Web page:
The research was to promote the inclusion of disability in emergency, conflict and refugee programmes. The particular objectives were to assess:
a) the extent of inclusion
b) the impact of networking
c) the role of resources in post-tsunami contexts.
The geographical focus was mainly Sri Lanka, with contributions from India and Indonesia.
The researchers found that despite extensive literature on the different topics of disasters, disability, development, there has been very little previous research combining these issues, particularly from a social model analysis. From existing literature however, it is evident that disabled persons, particularly in the South, are not fully included, and are amongst the most negatively affected in all aspects of their lives.
The research focused on the post-emergency stage, and a distinction needs to be made between the acute emergency phase that last a few weeks which involves different strategies and resources from the post-emergency phase. Another distinction that needs to be kept in mind is there are those disabled persons and their families who were directly affected by the tsunami, but also those who were affected indirectly, but just as severely.
The researchers found that inclusion happened to some extent, but not usually at the upper levels of decision-making and planning. There were a range of inclusive resources, but little evidence of them being known or used. Although the language of inclusion and the social model of disability were quite widespread, misunderstanding or ignorance of what this meant in practice was the norm. Representation was a problematical issue, both in terms of European aid workers ending up speaking 'on behalf' of disabled persons in lobbying work, and also in relation DPOs, who often had little direct contact with the majority of poor disabled persons.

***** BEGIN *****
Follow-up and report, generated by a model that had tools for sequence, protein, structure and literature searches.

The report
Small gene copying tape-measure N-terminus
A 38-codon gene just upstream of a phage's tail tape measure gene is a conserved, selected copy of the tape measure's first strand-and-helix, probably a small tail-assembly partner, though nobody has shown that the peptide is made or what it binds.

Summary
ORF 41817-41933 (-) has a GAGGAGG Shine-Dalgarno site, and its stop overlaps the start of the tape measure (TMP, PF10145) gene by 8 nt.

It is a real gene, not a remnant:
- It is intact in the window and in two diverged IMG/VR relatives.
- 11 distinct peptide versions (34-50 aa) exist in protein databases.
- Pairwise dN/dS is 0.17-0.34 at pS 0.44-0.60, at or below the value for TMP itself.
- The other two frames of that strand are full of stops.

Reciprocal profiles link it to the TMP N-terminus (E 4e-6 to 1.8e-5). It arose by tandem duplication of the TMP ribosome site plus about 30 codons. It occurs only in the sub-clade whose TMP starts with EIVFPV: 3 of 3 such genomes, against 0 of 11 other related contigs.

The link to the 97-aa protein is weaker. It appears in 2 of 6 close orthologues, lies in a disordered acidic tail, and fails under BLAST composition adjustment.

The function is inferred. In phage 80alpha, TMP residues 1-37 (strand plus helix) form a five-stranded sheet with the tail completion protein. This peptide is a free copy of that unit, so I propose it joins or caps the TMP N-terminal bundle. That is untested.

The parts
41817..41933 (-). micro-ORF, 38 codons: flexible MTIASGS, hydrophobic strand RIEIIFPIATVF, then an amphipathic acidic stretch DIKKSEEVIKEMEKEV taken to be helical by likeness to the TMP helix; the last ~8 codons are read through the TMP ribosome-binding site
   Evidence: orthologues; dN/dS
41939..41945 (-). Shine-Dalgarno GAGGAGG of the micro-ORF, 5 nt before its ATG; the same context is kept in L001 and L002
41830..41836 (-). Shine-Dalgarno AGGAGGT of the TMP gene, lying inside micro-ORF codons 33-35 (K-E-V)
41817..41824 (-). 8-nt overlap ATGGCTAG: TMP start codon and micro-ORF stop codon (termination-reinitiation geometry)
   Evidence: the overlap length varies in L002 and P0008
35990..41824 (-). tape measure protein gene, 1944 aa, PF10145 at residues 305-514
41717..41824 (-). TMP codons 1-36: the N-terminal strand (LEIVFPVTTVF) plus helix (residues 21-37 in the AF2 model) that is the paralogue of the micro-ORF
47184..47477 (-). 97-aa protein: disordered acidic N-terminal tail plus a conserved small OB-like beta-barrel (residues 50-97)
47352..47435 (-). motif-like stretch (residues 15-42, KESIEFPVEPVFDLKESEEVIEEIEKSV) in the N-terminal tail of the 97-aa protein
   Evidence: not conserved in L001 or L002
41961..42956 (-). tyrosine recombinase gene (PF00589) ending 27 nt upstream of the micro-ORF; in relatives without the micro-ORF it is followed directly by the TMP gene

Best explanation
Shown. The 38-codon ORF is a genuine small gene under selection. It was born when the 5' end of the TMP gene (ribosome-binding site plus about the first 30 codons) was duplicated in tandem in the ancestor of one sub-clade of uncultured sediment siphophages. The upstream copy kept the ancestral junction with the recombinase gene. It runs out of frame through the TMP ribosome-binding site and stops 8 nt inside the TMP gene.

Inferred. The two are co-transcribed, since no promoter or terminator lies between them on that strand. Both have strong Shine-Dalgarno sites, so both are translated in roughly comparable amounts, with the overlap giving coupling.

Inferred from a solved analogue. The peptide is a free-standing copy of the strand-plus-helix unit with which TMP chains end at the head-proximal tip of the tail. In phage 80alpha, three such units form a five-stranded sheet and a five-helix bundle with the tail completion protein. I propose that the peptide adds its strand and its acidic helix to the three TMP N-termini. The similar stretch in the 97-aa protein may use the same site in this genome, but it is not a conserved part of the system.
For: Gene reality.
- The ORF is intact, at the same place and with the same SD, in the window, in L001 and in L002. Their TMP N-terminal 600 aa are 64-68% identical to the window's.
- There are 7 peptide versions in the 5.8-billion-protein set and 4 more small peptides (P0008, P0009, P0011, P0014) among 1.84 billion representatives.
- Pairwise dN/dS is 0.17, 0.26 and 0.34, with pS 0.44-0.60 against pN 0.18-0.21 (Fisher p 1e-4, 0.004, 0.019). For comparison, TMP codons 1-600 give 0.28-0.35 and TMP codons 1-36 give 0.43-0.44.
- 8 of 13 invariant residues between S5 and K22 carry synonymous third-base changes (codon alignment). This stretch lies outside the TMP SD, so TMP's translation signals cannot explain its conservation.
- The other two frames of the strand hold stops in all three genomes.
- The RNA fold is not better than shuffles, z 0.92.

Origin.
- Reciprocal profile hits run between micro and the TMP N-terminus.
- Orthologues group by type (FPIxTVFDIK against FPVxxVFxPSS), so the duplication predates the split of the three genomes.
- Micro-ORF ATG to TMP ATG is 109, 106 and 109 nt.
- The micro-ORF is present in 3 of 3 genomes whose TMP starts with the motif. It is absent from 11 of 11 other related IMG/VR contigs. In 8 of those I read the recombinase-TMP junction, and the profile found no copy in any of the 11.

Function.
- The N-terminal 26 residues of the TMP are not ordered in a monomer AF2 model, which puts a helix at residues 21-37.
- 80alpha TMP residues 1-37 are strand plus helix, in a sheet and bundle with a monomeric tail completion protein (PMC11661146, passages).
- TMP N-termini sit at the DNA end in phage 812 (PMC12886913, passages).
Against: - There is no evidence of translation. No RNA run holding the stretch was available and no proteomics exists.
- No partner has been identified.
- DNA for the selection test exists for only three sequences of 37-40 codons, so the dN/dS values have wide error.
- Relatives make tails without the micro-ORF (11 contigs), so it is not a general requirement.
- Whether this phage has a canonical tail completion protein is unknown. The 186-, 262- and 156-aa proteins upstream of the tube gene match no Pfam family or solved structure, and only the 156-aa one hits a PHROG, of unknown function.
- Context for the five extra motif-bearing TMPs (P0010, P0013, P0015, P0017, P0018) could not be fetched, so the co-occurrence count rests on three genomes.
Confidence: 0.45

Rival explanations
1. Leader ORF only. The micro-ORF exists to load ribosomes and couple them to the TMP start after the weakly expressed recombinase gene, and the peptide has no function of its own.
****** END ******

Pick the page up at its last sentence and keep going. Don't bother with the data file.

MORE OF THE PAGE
One of the key findings was that huge levels of funding available created many problems as well as offered huge potential. \"There was little evidence that the money reached poor DPOs or the grass roots, and the pressure to spend quickly didn't support consultation.\"
Another key finding was that the disability sector operated within a 'cocoon' and didn't really engage with important mainstream development issues. Networking and collaboration tended to suffer from 'vertical dominance' with poor communities remaining largely 'out of the loop'.
In both Sri Lanka and Indonesia, the pre-existing conflict situations were exacerbated by the post-tsunami relief efforts. Statistics on disability were as usual problematic, caught in the 'no inclusion therefore no reason to self-identify' loop, and based on an impairment rather than social model. It was difficult to get disaggregated information - there was a tendency to refer to the disabled community as a homogenous group.
The researchers made a number of recommendations for future options. They suggested research, guidelines and training are needed for field staff from a range of agencies on the social model of disability and inclusion and what they mean in practice. There needs to be more linkages between the disability and the development communities - the disability sector would benefit greatly from engaging more directly with development issues, and of course vice versa.
To the disability sector they recommended that they should consider forming alliances with other marginalised groups and be more aware of the wider political issues.
More research is needed on how local DPOs and other organisations can be strengthened quickly to respond in emergency situations, rather than assuming that international agencies have to take the lead in lobbying.
For donors more research into the percentage of tsunami funding that DPOs and local organisations have actually received and efforts need to be made to promote horizontal and grass-roots networking and alliances.
A 6-page executive summary is available as well as the full report.
Disability in Conflict and Emergency Situations: Focus on Tsunami-affected Areas, IDCC Research Report, Disability Knowledge and Research Programme, 66 pp.